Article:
Underestimating Political Risk in USDJPY?

Posted on

Market Drivers May 10, 2017
USDJPY wobbles on Trump news
Comm dollars rebound
Nikkei -0.29% Dax 0.03%
Oil $46/bbl
Gold $1224/oz.

Europe and Asia:
No Data

North America:
No Data

There were no major economic news releases today across any of the three main trading sessions and currencies, therefore, remained in narrow trading ranges for most of the Asian and early European dealing. Last night’s geo-political shocker out of the US however, did have an impact on USDJPY which was pressured lower for most of the overnight trade.

The sudden firing of FBI chief James Comey by President Trump created a big stir on the political front, but so far has had only a limited impact on the markets. USDJPY dropped from the 114.00 level to hit lows at 113.62 but held support there and rebounded a bit.

The market remains resolutely bullish USDJPY and continues to be in a “buy the dip” mentality, as FX traders continue to believe that US growth will pick up markedly in H2 of 2017 and the Fed will maintain its rate hike path. That scenario however, depends on a relatively calm geopolitical picture that would allow President Trump to focus on domestic issues and craft a tax reform legislation that the market is eagerly awaiting.

However, if yesterday’s action is just the start of a massive constitutional confrontation with both Republicans and Democrats demanding an Independent Prosecutor on Russia collusion probe, than much of Mr. Trump political capital will be wasted on defending himself against accusations of malfeasance. It’s difficult to see how any meaningful legislation can pass Congress under such conditions. Furthermore, the political rancor caused by these actions could have a negative impact on consumer sentiment and that would destroy any forecasts of 3% or better growth in the second half of this year.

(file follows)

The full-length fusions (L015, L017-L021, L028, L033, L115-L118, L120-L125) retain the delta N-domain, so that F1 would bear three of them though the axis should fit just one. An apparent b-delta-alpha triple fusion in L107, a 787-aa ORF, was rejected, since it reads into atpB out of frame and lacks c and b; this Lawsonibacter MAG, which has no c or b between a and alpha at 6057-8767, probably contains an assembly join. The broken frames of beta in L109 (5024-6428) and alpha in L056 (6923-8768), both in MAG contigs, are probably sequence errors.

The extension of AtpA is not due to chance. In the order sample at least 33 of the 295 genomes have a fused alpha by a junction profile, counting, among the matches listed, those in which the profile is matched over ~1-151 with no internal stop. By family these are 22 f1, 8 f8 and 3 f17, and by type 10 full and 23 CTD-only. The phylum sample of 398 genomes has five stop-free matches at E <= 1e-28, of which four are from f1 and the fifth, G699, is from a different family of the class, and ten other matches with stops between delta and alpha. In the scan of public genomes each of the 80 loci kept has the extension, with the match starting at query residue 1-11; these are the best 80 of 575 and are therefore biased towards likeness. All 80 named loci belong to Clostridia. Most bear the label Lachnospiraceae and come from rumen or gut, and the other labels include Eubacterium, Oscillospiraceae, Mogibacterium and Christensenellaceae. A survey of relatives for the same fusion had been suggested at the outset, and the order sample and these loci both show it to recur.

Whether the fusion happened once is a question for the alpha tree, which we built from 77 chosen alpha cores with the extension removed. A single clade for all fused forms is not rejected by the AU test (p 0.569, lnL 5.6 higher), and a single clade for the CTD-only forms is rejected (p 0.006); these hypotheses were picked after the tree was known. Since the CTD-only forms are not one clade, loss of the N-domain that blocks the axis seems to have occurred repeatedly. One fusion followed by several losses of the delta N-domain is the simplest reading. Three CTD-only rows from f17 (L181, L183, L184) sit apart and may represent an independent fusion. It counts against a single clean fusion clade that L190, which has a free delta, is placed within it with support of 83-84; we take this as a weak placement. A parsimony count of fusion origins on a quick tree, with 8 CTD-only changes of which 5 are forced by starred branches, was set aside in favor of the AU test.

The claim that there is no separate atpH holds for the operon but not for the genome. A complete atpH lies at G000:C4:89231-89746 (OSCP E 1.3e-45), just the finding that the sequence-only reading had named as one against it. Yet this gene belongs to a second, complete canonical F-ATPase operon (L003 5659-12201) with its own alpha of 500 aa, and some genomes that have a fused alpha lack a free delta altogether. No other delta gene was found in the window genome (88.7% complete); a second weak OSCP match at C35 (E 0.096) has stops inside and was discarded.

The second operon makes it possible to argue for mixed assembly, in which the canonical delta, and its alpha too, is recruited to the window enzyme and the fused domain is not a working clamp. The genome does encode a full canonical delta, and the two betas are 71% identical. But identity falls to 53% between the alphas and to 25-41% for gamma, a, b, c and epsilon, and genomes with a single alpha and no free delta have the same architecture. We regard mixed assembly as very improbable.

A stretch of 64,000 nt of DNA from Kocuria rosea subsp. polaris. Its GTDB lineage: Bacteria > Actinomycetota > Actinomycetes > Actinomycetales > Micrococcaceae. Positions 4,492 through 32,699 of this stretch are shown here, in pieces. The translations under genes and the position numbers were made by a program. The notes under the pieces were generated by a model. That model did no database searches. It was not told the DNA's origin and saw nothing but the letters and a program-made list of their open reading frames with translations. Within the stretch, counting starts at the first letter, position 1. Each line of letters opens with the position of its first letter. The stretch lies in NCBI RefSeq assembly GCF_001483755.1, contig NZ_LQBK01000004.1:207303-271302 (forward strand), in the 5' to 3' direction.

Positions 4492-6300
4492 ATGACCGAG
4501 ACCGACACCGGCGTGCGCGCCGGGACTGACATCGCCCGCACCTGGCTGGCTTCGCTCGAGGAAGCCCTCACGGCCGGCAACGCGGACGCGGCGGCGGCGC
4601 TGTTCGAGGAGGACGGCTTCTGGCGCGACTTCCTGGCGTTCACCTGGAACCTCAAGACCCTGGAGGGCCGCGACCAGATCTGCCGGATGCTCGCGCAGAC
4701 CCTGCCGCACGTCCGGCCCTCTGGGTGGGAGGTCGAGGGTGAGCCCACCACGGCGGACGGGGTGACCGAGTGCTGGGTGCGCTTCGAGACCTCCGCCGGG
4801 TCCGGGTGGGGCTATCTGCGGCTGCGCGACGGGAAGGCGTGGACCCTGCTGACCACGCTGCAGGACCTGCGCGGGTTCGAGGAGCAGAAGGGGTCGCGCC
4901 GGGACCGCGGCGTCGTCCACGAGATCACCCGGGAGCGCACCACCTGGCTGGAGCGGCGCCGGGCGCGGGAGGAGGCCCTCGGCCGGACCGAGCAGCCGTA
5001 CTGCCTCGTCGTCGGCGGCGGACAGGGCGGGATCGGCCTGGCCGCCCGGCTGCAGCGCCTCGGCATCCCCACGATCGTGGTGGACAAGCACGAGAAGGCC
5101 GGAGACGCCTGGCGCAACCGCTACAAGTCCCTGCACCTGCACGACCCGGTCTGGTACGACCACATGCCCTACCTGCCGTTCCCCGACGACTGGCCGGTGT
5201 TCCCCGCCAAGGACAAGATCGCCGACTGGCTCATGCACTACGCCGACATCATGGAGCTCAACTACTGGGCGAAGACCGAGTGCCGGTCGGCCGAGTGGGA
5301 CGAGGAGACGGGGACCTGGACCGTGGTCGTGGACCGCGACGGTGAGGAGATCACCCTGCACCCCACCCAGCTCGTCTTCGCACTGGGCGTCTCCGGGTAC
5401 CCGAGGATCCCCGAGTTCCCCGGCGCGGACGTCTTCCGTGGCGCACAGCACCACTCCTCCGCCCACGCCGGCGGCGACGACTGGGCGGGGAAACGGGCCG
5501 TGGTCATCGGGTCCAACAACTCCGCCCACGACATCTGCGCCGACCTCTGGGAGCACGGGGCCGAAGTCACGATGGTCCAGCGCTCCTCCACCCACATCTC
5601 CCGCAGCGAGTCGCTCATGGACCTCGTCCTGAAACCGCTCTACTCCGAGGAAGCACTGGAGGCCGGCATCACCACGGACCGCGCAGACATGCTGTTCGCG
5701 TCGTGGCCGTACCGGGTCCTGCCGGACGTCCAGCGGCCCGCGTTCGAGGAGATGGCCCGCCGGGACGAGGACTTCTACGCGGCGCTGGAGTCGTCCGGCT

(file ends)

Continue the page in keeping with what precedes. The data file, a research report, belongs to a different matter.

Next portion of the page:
In short, while markets remain placid and calm about the current chain of events, there is considerable risk that the Russia probe could uncover criminal activity in the White House which would trigger risk aversion flows back into yen, despite Governor Kuroda’s best efforts to expand QE. For now, the assumption of the FX markets is that the primary driver of trade in USDJPY is economic growth. However, yesterday may be an early signal that the story has changed and that politics may be the dominant theme from this point on.

Boris Schlossberg
Managing Director

Leave a Reply

Your email address will not be published. Required fields are marked *